The BrainWavesBob Greenberg has been doing a series of videos called The Brainwaves. In this series Mr. Greenberg, a retired educator, asks educators to provide an interview. He does very little to find out what people are going to talk about. His coaching is also minimal. The result is a video where educators really get a chance to talk about their passion. Some of the names of people he has interviewed are huge in education and educational politics. Some…well…I only have two subscribers to my YouTube channel so there are those of us who are not so big. In his interview series, though, we are all equals.

Check out his channel and my recent interview embedded below!

 

Short Notes of a Book: How to Stop Bullying in Classrooms and Schools

Today I spent quite a while catching up on research articles themed around LGBTQ discrimination in education. Since I am taking notes I thought I might as well share some summaries here. Besides, LinkedIn and my Blog make for easy searching compared to the vast vault of my hard drive and Google Apps accounts.

Each of the articles includes a citation at the beginning and my thoughts following in italics.

Cover of the book: How to Stop Bullying in Classrooms and Schools: Use Social Architecture to Prevent, Lessen and End Bullying.Goodstein, Phyllis Kaufman. (2013) How to Stop Bullying in Classrooms and Schools: Use Social Architecture to Prevent, Lessen and End Bullying. New York: Routledge.

In general I dislike the use of bullying as a term to describe the marginalization of a student or group of students. First I will need to ignore this categorization as most articles will use terms, like bullying, that invite excuse making (my major problem with using terms like bullying and victimization. The categorizations of the forms the bullying (read: marginalization) and outcomes in the first half of the article are actually something I would love to build an infographic on. The language would be useful and easily translatable to a variety of audiences and facilitate greater dialogue. It was the second half of the article which I really found interesting.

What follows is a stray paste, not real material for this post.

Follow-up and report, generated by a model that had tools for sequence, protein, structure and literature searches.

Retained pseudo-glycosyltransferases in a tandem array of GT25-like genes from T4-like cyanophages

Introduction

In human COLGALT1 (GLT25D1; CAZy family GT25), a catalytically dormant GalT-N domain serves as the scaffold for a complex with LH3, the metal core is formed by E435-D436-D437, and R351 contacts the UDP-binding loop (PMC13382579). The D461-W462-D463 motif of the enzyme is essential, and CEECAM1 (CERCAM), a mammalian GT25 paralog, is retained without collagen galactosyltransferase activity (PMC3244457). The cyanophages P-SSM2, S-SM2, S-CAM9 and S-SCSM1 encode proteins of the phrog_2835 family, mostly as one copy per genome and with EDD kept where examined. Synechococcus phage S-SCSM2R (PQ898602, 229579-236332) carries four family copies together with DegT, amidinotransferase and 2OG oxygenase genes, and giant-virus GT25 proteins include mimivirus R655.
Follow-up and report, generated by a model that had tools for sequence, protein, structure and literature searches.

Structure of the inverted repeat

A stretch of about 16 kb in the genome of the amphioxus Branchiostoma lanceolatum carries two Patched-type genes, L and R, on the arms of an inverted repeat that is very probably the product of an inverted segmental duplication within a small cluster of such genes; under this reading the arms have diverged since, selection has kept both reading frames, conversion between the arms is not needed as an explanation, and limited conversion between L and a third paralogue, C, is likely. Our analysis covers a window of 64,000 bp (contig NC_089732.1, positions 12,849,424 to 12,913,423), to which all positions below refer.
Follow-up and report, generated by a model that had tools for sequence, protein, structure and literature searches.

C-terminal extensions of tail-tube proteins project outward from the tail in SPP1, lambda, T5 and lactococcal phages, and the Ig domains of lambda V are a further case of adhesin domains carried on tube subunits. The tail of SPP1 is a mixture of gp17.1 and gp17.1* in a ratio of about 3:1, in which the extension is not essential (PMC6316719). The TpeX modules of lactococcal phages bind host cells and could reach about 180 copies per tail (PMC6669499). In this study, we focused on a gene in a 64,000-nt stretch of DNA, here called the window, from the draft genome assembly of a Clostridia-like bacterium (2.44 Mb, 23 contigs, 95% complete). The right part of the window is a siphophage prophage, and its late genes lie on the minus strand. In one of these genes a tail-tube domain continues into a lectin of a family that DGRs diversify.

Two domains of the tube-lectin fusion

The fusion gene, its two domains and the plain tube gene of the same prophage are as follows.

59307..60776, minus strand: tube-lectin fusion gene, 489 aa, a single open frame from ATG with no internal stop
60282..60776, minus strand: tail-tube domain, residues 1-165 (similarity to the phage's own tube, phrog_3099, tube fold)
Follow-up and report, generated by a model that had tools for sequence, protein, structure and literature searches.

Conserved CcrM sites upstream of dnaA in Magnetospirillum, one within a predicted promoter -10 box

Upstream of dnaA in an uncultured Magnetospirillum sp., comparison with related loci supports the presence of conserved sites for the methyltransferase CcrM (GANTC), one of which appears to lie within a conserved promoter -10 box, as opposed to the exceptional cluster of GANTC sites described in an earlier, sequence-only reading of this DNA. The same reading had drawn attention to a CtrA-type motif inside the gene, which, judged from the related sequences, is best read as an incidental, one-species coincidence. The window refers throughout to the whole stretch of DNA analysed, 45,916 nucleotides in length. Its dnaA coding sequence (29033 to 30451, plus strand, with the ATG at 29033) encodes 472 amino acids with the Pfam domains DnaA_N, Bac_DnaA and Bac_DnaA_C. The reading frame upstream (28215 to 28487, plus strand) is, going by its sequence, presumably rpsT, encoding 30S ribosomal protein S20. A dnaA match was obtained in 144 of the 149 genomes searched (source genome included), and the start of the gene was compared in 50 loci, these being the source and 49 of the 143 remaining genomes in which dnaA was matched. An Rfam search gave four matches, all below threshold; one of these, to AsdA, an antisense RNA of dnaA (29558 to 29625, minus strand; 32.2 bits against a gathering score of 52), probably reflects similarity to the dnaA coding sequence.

Goodstein describes the use of social architecture theory and social scaffolding as a method for creating social change. Actually it is more of guide for educators and others. Teachers stand as role models and set up systems for pro-social classroom behaviors. There is also a description for bystanders and upstanders. The section on encouraging bystanders to become upstanders deserves more consideration as those models may apply to the design of a game intending the same outcome. To support teachers and upstanders there are two major components described by Goodstein: incompatibility and intervention. Incompatibility means creating such an environment of kindness, expectations, service learning, projects, and other things so as to make the school climate incompatible with bullying. Intervention focusses on making sure educators and upstanders, parents, and the community, administrators, and policy all take action when marginalization occurs as inaction relates to a lack of condemnation rather that “ignoring something so it goes away.”

I really enjoyed the metaphor of a broken window. If a window is allowed to sit without repair then additional windows will be broken. The same applies to marginalizing behavior. If no one intervenes and there is not a social stigma applied to marginalizing behaviors then what can be expected to occur? Maybe the broken window would be a symbol for a video game…or graffiti on a locker.

 

Queer Coffee: LGBTQ Apartments for Elders Article